Another conservation development that is going to become an important part of future treatment solutions is water mining, Keaney said. “With water mining wastewater is extracted from the pipes that lead into centralized wastewater facilities. Once extracted, the water is treated locally for industrial and water recharge applications. All communities stand to gain from water mining but drought-challenged areas can greatly benefit by incorporating water mining into any new system design.”

Factors that will be taken into account to assess the sustainability of water infrastructure include :

1. the quantities of concrete & steel used, promoting small footprint technologies
2. the power consumption
3. the use of recycled materials
4. the requirement for and quantity of chemicals used, which are recognized as having a significant carbon & environmental footprint

In addition to the odor concerns Keaney pointed to the fact that Volatile Organic Compounds (VOCs) are now been recognized as a leading cause of both air pollution and health issues. Innovative biofiltration solutions now exist to address both threats. In addition states such as California have recognized the need to reduce chemical usage, highlighting the unsustainable approach of traditional chemical scrubbers.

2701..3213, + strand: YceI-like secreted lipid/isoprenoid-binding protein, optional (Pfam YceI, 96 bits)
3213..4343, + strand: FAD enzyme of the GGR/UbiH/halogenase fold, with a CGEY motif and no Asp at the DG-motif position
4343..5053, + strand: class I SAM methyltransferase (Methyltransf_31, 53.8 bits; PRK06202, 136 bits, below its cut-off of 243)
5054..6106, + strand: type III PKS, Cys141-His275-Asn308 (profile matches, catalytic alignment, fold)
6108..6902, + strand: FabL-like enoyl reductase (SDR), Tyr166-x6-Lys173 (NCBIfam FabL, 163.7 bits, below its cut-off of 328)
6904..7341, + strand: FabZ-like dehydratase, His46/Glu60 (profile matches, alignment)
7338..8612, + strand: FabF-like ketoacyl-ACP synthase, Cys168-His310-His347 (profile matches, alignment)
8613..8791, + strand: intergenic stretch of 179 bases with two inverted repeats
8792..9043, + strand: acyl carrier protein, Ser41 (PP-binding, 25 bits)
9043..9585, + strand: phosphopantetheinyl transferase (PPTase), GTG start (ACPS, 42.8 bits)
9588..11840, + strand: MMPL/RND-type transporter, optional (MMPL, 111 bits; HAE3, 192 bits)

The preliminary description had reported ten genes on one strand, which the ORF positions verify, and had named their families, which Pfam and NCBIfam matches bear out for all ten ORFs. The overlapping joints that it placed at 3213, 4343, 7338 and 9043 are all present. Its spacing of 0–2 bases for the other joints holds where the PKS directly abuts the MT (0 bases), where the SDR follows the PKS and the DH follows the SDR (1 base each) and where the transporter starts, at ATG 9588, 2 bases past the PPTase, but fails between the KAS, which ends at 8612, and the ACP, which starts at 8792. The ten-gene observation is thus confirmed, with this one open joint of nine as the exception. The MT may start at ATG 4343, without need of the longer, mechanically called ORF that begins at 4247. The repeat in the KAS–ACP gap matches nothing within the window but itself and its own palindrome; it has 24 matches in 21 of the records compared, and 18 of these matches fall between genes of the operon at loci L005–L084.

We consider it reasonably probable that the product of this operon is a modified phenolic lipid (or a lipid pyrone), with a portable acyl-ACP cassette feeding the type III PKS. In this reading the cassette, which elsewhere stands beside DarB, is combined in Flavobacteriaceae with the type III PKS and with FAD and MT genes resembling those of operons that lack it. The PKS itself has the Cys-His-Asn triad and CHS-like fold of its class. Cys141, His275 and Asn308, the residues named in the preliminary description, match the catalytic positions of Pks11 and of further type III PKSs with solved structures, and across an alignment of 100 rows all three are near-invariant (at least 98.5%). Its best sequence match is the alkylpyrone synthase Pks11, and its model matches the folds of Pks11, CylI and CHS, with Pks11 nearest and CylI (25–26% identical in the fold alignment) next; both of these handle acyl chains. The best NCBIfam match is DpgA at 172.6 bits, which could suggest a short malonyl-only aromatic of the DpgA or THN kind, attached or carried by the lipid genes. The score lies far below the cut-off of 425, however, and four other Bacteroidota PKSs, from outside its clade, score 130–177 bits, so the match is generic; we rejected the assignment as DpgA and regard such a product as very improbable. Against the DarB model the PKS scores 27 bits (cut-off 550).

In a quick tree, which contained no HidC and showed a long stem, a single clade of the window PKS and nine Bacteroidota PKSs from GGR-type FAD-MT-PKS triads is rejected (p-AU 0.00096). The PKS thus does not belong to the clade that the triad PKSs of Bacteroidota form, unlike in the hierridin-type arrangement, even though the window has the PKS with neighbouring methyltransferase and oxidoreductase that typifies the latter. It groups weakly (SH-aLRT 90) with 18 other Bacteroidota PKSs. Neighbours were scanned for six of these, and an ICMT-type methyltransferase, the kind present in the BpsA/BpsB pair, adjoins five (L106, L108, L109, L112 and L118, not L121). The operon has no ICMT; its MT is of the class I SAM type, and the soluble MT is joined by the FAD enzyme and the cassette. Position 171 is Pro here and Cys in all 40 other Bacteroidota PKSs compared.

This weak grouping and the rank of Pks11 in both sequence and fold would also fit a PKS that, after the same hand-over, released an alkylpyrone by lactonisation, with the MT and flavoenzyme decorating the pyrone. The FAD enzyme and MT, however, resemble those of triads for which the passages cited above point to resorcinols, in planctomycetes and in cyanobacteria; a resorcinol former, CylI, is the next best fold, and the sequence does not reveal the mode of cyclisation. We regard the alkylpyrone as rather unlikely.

The good thing about the challenges we face, Keaney stressed, is that the technology now exists to make viable, sustainable treatment solutions a very practical, cost-effective reality. “According to Keaney, ‘new technologies such as moving bed bioreators and submerged aerated filters are starting to replace the traditional activated sludge systems due to their smaller footprints, use of recycled plastics for media, and lower power consumption. Odor control biofilters that use media such as oyster shells do not need any chemical addition and are low headloss reducing the energy demand for fans are being promoted. For residential wastewater systems, media filters using textiles, recycled plastics and peat, which require minimal maintenance, do not require mechanical blowers and feature very low power consumption, are now being utilized in more and more installations.”

These new technologies are also being increasingly used in areas where tightening regulation requires the reduction of nitrogen and phosphorus in wastewater discharges to prevent the contamination of bodies of fresh water and pollution of water supplies.

The entire range of Bord na Móna water, wastewater, and odor control system solutions will soon be showcased at a new million dollar Bord na Móna Innovation Center being built adjacent to the Greensboro, North Carolina municipal wastewater treatment facility. “This Center will showcase our full range of technologies, allow for third-party verification, and enable increased research, development and optimization of new water reuse, wastewater, and odor technologies.”